A1 north of Newcastle to be route of strategic national importance
This was published under the 2010 to 2015 Conservative and Liberal Democrat coalition government
Sixty-five miles of the A1 north of Newcastle join a list of key national roads.
Proposals to identify the A1 north of Newcastle to the scottish border a route of strategic national importance were published today (16 September 2010) by Transport Minister, Mike Penning.
The move would see approximately sixty-five miles of the A1 join a list of key roads that ministers consider for funding from the national budget for road improvements.
The proposal is part of the government’s move to ensure the economic importance of routes from England to the capital cities of Scotland, Northern Ireland and Wales are properly recognised.
A number of roads linking Bootle with Twelve Quays Ferry Terminal in Birkenhead, Merseyside, would also become a route of strategic national importance under the proposals. This is because it is the main passenger and freight ferry terminal for traffic travelling between Liverpool and Belfast.
Transport Minister, Mike Penning, said:
Edinburgh, Belfast and Cardiff make a significant contribution to the UK economy and it is vital that the routes connecting them to their nearest strategic destinations in England are recognised. The current system does not do this and it is time to rectify it.
While my proposals will promote connectivity between all capital cities of the UK, it is of particular significance for the A1. Campaigners have long fought to have the A1 north of Newcastle recognised as being of national, rather than regional, importance and I agree.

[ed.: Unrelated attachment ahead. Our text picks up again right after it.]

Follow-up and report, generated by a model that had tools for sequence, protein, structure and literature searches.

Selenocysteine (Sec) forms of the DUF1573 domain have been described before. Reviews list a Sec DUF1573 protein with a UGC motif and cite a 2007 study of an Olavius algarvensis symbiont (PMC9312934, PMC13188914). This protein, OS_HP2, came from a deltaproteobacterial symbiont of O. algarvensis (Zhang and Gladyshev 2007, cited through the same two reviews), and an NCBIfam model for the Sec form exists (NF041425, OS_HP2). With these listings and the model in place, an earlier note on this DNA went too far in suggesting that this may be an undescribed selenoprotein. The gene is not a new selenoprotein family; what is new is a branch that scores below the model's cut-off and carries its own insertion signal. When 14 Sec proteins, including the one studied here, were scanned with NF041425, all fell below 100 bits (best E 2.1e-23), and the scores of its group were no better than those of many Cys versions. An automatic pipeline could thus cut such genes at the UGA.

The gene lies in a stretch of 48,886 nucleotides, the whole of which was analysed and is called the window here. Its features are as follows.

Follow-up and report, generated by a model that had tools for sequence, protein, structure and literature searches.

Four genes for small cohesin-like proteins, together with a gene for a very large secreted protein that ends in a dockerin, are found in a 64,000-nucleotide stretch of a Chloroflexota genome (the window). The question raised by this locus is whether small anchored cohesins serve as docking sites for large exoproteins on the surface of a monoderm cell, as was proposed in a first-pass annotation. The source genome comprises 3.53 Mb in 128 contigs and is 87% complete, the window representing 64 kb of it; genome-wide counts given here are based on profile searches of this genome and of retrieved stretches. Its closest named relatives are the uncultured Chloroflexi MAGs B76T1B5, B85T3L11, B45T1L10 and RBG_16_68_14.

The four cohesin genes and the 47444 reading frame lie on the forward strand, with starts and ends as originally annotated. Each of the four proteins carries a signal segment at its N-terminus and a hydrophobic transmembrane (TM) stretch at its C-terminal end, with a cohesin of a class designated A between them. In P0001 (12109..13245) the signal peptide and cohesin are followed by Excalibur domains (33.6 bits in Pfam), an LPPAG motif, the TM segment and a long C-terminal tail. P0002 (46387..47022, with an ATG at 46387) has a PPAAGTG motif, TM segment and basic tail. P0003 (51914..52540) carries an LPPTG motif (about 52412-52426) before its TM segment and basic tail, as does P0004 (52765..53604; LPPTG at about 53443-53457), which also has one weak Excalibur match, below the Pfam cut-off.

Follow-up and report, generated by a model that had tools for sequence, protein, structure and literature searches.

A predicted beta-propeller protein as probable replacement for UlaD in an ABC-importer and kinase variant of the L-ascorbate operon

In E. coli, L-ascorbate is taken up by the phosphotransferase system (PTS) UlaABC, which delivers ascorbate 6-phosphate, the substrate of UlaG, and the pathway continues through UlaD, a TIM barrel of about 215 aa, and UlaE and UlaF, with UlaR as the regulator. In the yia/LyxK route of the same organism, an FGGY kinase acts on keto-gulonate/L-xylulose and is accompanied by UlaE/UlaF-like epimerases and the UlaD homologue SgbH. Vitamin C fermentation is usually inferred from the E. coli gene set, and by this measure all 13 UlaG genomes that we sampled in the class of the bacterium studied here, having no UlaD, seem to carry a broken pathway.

This change will not guarantee funding for major improvements, however, it will finally recognise the road’s importance for freight and other strategic traffic travelling between Newcastle and Edinburgh.
Last year fourteen Strategic National Corridors (SNCs) were identified by the Department for Transport - recognising the economic importance of road and rail routes linking the largest English cities with the busiest ports and airports in England.
However the current criteria do not specify that key road and rail routes providing links between Newcastle and Edinburgh, Liverpool and Belfast or Bristol and Cardiff should be included.
In practice Cardiff is linked to Bristol via the M4 and M48, which are already recognised as routes of strategic national importance. But Edinburgh and Belfast are currently unconnected to SNCs by road.
Notes to editors
A written ministerial statement announcing the consultation was published today.
The consultation will close on Friday 10 December.
The consultation identifies 2 additional routes of national strategic significance:
- the A1 north of Newcastle - between its junction with the A19 at Seaton Burn - to the Scottish border (providing a defined link to Edinburgh)
- approximately nine miles of local authority controlled roads between Bootle and Twelve Quays Ferry Terminal in Birkenhead, including part of the A565 and the Kingsway Tunnel (providing connectivity with Belfast)
The full route is as follows:
- A565 from junction with A5036 in Bootle to A5063 “Leeds Street”
- then A5063 “Leeds Street” from junction with A565 to A59 “Scotland Road”
- then A59 “Scotland Road” to “Kingsway Tunnel”
- then “Kingsway Tunnel” to grade separated junction with A5027
- then A5027 to junction with A5139
- then A5139 to A554
- then A554 to Twelve Quays Terminal entrance
The A1 north of Newcastle is currently a Highways Agency (HA) regional road. If the proposal is agreed, it will become a HA national road. Prioritisation of funding for the future development of the road would be with the Secretary of State, rather than local stakeholders.
The route identified in Merseyside will not be added to the trunk road network. Responsibility for day-to-day operational decisions, maintenance and improvement will remain with the relevant local Highway Authorities. The Secretary of State for Transport will, however, maintain a watching interest in the route and its effectiveness in providing strategic connectivity.
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